SANTA CRUZ — For about seven years, Sergio Donis had a job in Palo Alto before the long commute and two work-related accidents made him decide to find work closer to his Scotts Valley home.

That proved hard to do, and so like many people he began waiting in front of home improvement stores in hopes someone would hire him.

That left Donis, 53, jockeying for position every day among several other men hoping for a temporary job, in parking lots without shelter or restrooms.

When he found work, it was for whatever strangers happened to drive in to the parking lot.

But that changed when a friend told him about the Day Worker Center of Santa Cruz County. There, Donis waits for work inside a building that is laid out more like a comfortable house than a business.

A program of Community Action Board of Santa Cruz County, the day worker center tasks itself with helping workers find work, and with improving their job skills. The center also helps potential employers — largely homeowners who need extra help — find qualified, competent workers.

“I like it because it’s a safe place to be for the customers and for us,” Donis said. “It’s been a good place since I found it.”

With the spring and summer yard work season approaching, organizers are hoping that more people will turn to the Day Worker Center when they need help.

Staff at the center serves as the middleman between hopeful workers and potential employers.

Workers live all over the county and come from around the world, from Russia to Iran to Mexico, from Venezuela to Germany to Honduras, said Employment Programs Director Maria Rodriguez-Castillo. 

“They are the same people you see in the Home Depot parking lots,” she said. “Instead of that, they come here.”

The employers are people who need extra help with yard work, moving, painting and other heavy-lifting type tasks.

“Very often, homeowners don’t have the funds or the knowledge to connect with certified people,” Rodriguez-Castillo said. “They know how to do the work, they just need someone to come help them.”

The Day Worker Center of Santa Cruz County is funded through private donations, and from the cities of Santa Cruz and Watsonville. Community Foundation Santa Cruz County served as the center’s main financial supporter when it launched in 2013.



When a worker comes to the center, they fill out an intake packet listing their skills, and receive a packet of papers with the organization’s rules and regulations.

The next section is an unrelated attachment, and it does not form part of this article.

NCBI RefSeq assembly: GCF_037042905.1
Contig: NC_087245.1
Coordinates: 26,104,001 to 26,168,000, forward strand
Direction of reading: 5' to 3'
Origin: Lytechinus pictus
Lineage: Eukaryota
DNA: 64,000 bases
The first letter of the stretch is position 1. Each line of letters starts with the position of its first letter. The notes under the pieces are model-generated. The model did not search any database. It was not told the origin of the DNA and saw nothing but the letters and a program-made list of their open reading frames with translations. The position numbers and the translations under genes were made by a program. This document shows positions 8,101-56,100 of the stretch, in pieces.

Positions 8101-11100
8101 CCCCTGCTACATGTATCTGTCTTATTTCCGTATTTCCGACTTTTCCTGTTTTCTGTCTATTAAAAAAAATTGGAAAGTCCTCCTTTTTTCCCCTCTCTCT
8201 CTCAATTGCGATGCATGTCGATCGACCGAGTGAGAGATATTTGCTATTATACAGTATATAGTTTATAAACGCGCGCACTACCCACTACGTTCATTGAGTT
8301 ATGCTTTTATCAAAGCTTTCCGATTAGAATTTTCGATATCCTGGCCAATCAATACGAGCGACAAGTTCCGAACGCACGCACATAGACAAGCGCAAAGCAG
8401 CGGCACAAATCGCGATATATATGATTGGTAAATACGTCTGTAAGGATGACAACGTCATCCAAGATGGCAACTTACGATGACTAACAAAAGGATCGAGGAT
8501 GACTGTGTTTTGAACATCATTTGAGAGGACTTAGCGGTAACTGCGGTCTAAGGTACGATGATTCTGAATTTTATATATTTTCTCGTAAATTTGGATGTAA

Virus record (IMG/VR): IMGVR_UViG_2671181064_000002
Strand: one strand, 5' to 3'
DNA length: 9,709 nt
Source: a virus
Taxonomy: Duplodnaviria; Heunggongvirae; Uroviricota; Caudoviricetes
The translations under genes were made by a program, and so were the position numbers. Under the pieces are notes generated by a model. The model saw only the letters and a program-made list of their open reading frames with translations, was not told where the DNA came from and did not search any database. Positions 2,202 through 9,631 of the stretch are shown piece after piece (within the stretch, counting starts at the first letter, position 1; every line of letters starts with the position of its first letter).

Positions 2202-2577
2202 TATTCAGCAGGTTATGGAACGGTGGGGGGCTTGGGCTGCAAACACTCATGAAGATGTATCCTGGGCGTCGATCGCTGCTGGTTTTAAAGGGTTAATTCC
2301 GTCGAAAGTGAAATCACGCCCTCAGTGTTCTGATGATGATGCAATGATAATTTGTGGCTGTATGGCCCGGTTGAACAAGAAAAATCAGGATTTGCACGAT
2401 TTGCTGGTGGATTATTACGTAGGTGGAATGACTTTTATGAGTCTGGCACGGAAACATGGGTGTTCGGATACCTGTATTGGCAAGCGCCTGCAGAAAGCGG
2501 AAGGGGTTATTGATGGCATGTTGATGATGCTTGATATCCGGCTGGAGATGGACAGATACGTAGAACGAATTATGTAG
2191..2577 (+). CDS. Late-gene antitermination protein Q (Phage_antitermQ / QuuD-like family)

Once a part of the program, they learn what is expected of them in a work ethics class, Rodriguez-Castillo said. But the education does not stop there.

The center also provides weekly ESL classes. Donis said he has taken OSHA-certified workplace safety training. 

To be a part of the program, workers must agree to provide volunteer maintenance and upkeep at the headquarters and at the adjacent cemetery, which helps boost their work skills, Rodriguez-Castillo said.

“And it helps them give back to their community,” she said.

The workers also help at the Day on the Beach event run by Shared Adventures, where disabled people have a chance to swim in the ocean.


The contract

Both workers and employers agree to a set rate of $18 per hour, which is paid at the end of every workday. This goes directly to the laborers.

The employer, in turn, is assured a qualified worker.

“We already screened that person, we already assessed that person,” Rodriguez-Castillo said. “And the workers know how much they will get paid, so there is no negotiating happening.

“And it’s important for the employers to know that we’re not going to send a stranger to their place.”

At the end of the job, the employers fill out survey cards rating the worker’s performance.

“We want to make sure we are performing, that expectations for the program are out there,” Rodriguez-Castillo said.

Paola Fernandez, who came to the center as a worker but now serves as job dispatcher and Family Services Specialist, called the Day Worker Center, “an essential part of the community.”

“It really provides that space for the day workers to be able to not only come and get day labor, but also gain skills through essential services,” she said. “That gives them the ability to go out in the community and perform to the best of their ability.”



On March 14, nine people were dispatched to six jobs. In February, 56 people went out to 161 jobs and made a total of $21,865.


For information or to hire a day worker to help with tasks such as landscaping, painting and moving, call 475-9675. For information, visit

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